Many Christians around the world today face severe persecution. Others continually feel the weight of cultural pressure against them. The apostle Peter speaks to this circumstance as he reminds us that Christians are aliens and exiles in an often-hostile empire. At the same time, believers are simultaneously the chosen of God, equipped by Jesus’ work for us and in us to live faithfully in our dual identity. In this exposition of 1 Peter, Daniel Doriani explains how the work of Christ enables Christians to live with hope, joy, and faithfulness in a pagan world. He also explores Peter’s emphasis on the kind of life that pleases God—a life that includes respect for authorities, just or unjust. Doriani also richly describes Peter’s teaching on godly behavior as a wife, husband, or elder. By God’s grace, Christians can perform good deeds, have courage, and take a firm stand in the face of trials.
“In 1 Peter 2, the descriptions of Jesus are singular and the descriptions of his people are plural. From this we learn that following Christ entails joining his community, the church. ‘To accept the Redeemer means also accepting the people whom he has redeemed.’4 The freelance Christian, who follows Jesus but is too good, too busy, or too self-sufficient for the church, is a walking contradiction. In the old covenant, God set his people apart from the nations. In the new covenant, he sets us apart as we live among the nations. But all of Scripture testifies that believers cannot be godly or fruitful without joining God’s family and realizing some form of separation from the world.” (Pages 66–67)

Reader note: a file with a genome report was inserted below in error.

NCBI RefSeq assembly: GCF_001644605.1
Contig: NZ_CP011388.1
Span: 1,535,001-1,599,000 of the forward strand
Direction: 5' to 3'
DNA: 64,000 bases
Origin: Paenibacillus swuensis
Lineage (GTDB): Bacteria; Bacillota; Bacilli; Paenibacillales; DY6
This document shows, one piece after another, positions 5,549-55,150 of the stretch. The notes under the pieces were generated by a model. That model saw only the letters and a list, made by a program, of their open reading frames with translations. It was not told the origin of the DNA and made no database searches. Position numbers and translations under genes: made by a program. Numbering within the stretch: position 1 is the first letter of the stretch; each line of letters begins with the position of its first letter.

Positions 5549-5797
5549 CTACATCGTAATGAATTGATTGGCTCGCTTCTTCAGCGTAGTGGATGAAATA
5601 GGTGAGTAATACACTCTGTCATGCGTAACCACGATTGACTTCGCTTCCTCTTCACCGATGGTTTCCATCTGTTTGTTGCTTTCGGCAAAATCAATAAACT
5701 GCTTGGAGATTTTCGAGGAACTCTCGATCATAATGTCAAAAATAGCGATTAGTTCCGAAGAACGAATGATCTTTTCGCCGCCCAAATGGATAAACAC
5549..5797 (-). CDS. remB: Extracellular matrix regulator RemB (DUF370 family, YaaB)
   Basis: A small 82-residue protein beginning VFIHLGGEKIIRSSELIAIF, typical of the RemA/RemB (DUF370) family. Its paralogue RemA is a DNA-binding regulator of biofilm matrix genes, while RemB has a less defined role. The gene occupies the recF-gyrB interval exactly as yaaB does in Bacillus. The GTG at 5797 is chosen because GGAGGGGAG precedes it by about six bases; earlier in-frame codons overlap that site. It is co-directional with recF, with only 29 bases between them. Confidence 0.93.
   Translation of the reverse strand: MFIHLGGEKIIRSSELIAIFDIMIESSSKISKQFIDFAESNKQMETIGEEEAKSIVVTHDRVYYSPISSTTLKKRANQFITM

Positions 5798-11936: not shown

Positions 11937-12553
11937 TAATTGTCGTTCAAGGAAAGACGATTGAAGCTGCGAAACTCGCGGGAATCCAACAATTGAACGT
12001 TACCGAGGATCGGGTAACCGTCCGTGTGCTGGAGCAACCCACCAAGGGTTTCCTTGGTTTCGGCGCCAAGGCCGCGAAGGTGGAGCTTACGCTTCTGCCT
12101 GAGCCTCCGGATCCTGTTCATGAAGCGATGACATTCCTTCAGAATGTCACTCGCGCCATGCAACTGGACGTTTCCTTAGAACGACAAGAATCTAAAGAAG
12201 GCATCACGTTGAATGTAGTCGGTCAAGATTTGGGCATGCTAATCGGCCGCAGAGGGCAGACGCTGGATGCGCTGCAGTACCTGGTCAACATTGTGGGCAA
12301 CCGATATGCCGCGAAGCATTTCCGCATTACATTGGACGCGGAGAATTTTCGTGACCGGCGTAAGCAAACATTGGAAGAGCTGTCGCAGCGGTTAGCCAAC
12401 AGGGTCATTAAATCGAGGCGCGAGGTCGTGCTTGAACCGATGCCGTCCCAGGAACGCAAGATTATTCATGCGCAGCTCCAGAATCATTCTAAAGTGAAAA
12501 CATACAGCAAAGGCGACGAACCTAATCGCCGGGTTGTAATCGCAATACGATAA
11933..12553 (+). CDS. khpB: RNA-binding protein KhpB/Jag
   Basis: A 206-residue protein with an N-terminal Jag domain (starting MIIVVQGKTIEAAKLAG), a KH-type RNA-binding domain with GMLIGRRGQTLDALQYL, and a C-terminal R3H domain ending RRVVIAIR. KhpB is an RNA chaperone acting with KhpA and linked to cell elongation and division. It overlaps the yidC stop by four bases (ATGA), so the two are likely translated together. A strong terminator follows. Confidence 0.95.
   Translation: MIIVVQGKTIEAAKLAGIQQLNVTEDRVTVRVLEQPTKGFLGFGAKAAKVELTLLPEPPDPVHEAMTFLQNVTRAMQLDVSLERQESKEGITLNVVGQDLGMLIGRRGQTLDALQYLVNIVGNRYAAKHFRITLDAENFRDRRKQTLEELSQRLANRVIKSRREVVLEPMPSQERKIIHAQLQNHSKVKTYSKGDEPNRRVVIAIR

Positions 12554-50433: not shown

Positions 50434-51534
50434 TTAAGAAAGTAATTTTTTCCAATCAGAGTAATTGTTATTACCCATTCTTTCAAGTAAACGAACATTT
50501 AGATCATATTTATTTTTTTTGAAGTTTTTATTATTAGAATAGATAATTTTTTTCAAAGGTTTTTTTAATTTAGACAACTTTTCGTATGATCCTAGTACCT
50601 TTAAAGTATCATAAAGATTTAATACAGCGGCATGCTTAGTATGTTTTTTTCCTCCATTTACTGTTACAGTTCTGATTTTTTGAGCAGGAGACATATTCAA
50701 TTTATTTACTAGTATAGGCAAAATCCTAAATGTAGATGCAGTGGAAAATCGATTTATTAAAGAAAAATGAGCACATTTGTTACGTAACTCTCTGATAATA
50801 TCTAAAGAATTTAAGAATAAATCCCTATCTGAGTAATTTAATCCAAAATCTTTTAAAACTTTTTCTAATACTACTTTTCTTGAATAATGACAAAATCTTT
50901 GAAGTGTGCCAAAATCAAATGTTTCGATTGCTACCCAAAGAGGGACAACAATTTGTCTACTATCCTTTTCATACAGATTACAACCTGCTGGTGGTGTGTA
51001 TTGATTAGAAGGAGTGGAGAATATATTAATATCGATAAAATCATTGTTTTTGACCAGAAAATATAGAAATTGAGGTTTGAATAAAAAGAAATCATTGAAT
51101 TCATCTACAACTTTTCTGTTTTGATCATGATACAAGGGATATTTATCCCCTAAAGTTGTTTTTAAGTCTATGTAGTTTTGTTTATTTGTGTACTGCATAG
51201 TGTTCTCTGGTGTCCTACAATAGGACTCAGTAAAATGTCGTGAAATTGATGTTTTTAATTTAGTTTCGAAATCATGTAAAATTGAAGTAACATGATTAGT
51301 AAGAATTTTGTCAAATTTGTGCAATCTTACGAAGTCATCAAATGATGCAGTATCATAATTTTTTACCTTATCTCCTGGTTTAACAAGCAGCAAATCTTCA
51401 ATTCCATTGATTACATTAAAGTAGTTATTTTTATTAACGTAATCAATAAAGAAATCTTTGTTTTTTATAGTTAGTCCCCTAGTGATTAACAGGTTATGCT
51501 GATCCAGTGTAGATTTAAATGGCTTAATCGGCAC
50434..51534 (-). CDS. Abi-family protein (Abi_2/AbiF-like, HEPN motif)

“With this segue to baptism, Peter presents a similarity between Noah’s family and the family of Christians. The senses are different, but both are saved through water. Yet whereas a few were saved through water in Noah’s day, now, Peter asserts, baptism saves you through the resurrection of Christ.” (Page 153)
“Peter wrote his epistle to Christians scattered through five provinces of the eastern empire, provinces that encompassed many peoples and languages. But Peter ignored race, ethnicity, and language and defined the churches by their status as God’s elect.” (Page 7)